How to encourage kids to grow their own vegetables

Children can gain a real understanding of how food is produced, feel a sense of responsibility and a connection with nature by growing-their own. Plus they have the satisfaction of enjoying the fruits of their labour, says Hannah Mattison. Here's some handy tips to get kids interested in growing - and eating - their own fruit and veg.



Choose a sunny spot in your garden, dig over the ground removing as many weeds, roots and stones as you can, and then add some compost or well rotted manure. If you don’t have a garden you can still grow edible plants in pots and containers outside or on a windowsill.


Spuds can be grown in a bucket, planter or vegetable patch. Cover sprouting seed-potatoes with soil, then water and wait. As they get bigger, pile up more soil around the stems and soon your little ones will have plenty of potatoes to enjoy.


These succulent red berries are often a real favourite for fruit-loving children. They spread easily so will cover as much of your veggie patch as you like. And let’s face it, there are few things more satisfying than picking and eating your own strawberries.


Reach for heady heights by growing some fantastically bright sunflowers. Kids will marvel at how tall they can be, with some varieties reaching up to 15ft. Once the flowers have gone you can harvest the seeds or leave them for the birds to enjoy.


It might not be a favourite on the school dinner menu but kids are more likely to eat their greens if they’ve grown them themselves. Why not use home-grown giant cabbage in crunchy coleslaw or a sizzling stir-fry?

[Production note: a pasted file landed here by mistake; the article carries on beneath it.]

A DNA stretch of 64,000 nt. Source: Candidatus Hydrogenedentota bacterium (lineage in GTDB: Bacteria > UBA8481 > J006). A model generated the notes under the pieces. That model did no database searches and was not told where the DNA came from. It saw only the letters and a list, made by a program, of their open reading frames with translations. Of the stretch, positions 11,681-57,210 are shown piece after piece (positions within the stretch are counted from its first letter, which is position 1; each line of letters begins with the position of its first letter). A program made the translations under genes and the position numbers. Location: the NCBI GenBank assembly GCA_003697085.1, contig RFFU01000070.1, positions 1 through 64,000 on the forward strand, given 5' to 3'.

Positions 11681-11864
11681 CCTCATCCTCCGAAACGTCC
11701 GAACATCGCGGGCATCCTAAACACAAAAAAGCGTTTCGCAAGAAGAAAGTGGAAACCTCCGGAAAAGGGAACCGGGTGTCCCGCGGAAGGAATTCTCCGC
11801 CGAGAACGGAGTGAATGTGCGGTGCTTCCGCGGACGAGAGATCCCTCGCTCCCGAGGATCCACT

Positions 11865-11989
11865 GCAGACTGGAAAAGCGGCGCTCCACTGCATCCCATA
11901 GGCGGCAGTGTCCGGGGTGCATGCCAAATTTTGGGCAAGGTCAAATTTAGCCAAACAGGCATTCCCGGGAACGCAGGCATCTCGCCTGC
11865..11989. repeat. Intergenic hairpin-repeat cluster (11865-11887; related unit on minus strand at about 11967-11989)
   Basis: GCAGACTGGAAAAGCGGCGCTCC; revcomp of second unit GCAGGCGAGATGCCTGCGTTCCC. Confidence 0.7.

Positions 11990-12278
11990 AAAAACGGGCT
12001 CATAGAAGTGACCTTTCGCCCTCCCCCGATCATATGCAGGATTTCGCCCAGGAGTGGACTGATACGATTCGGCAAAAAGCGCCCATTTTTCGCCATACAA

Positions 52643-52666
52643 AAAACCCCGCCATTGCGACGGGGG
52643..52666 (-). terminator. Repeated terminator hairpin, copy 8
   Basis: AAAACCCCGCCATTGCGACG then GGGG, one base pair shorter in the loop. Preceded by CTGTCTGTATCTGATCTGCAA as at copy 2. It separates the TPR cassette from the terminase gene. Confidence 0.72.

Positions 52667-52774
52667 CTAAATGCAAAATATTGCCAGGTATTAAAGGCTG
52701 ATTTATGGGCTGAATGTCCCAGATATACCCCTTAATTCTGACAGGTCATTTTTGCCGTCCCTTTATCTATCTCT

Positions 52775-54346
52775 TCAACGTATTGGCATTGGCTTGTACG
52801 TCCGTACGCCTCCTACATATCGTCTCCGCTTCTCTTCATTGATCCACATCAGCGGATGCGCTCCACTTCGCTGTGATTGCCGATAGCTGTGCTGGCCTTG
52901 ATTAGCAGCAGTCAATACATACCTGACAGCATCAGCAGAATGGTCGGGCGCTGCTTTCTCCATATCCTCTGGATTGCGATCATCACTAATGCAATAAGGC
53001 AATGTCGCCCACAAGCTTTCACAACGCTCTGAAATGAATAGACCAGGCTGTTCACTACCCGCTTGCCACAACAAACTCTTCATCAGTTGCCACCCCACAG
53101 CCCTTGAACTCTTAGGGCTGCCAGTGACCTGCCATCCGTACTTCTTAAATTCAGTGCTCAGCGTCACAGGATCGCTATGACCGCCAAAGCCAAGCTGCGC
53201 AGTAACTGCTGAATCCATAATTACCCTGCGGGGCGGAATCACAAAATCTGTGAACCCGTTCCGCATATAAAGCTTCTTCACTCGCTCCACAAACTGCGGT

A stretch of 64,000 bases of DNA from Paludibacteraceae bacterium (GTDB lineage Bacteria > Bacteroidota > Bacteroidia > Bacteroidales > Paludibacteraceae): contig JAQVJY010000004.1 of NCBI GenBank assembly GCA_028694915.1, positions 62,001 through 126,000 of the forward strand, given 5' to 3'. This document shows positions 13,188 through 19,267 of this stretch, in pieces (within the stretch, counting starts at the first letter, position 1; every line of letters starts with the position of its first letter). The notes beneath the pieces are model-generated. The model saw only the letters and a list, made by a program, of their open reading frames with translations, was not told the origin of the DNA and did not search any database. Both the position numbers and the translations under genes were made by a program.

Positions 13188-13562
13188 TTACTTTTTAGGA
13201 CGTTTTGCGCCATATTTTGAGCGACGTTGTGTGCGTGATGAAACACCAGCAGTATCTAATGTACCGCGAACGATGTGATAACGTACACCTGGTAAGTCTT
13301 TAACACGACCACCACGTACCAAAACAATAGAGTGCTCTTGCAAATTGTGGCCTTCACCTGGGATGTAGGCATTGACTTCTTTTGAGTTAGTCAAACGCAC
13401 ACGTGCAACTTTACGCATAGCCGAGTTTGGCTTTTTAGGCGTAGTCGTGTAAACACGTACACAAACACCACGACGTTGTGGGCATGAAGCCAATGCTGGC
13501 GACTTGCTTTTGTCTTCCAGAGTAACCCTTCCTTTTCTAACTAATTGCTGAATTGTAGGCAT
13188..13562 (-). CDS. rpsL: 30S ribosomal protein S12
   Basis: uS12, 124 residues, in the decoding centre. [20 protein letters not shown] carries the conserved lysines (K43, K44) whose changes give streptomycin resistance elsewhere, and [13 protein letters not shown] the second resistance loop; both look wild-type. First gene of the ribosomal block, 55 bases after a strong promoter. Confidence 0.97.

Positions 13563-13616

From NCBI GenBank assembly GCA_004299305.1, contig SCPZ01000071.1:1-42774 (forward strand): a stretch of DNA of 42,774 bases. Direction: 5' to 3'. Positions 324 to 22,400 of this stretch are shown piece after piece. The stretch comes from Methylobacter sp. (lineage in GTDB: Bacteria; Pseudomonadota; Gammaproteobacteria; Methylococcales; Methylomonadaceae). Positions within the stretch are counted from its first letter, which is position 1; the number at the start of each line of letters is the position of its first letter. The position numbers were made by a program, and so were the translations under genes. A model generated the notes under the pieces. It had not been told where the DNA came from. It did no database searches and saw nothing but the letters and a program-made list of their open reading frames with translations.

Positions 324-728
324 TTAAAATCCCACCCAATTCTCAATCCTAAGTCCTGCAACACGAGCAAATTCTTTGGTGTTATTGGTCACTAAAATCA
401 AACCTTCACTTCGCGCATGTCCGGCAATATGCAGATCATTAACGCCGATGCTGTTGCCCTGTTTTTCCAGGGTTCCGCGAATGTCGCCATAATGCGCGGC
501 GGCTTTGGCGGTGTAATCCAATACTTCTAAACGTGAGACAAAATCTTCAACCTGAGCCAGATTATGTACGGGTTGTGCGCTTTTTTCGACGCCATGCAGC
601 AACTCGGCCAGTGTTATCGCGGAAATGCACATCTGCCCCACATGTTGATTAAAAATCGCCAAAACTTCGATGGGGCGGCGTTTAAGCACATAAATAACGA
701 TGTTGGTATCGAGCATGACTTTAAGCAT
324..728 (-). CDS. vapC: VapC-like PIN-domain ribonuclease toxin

Kids will delight in pulling these crunchy little red root vegetables up from the earth. Radishes are ready in less than a month and are ideal for container and windowsill planting.


Teach youngsters about the variety of life by growing tiny cherry tomatoes next to big beefy ones. Simply plant them directly into a growing bag of compost then water well at the base. Once ripe, you can compare the delicious flavours.


  • Young gardeners will soon learn about losing precious plants to slugs, snails and birds, so here are a few child-friendly tips for deterring pesky pests:
  • Place a piece of old carpet outside for slugs to hide under, then simply turn it over every morning to give the birds a feast.
  • Build a log pile to encourage slug-eating frogs and hedgehogs.
  • Spread sand, grit or gravel around plants to prevent slug and snail attacks.
  • Plant French marigolds amongst tomatoes to deter greenfly and blackfly.
  • Hang up old CDs to scare birds away from crops and put a birdfeeder elsewhere in your garden. 

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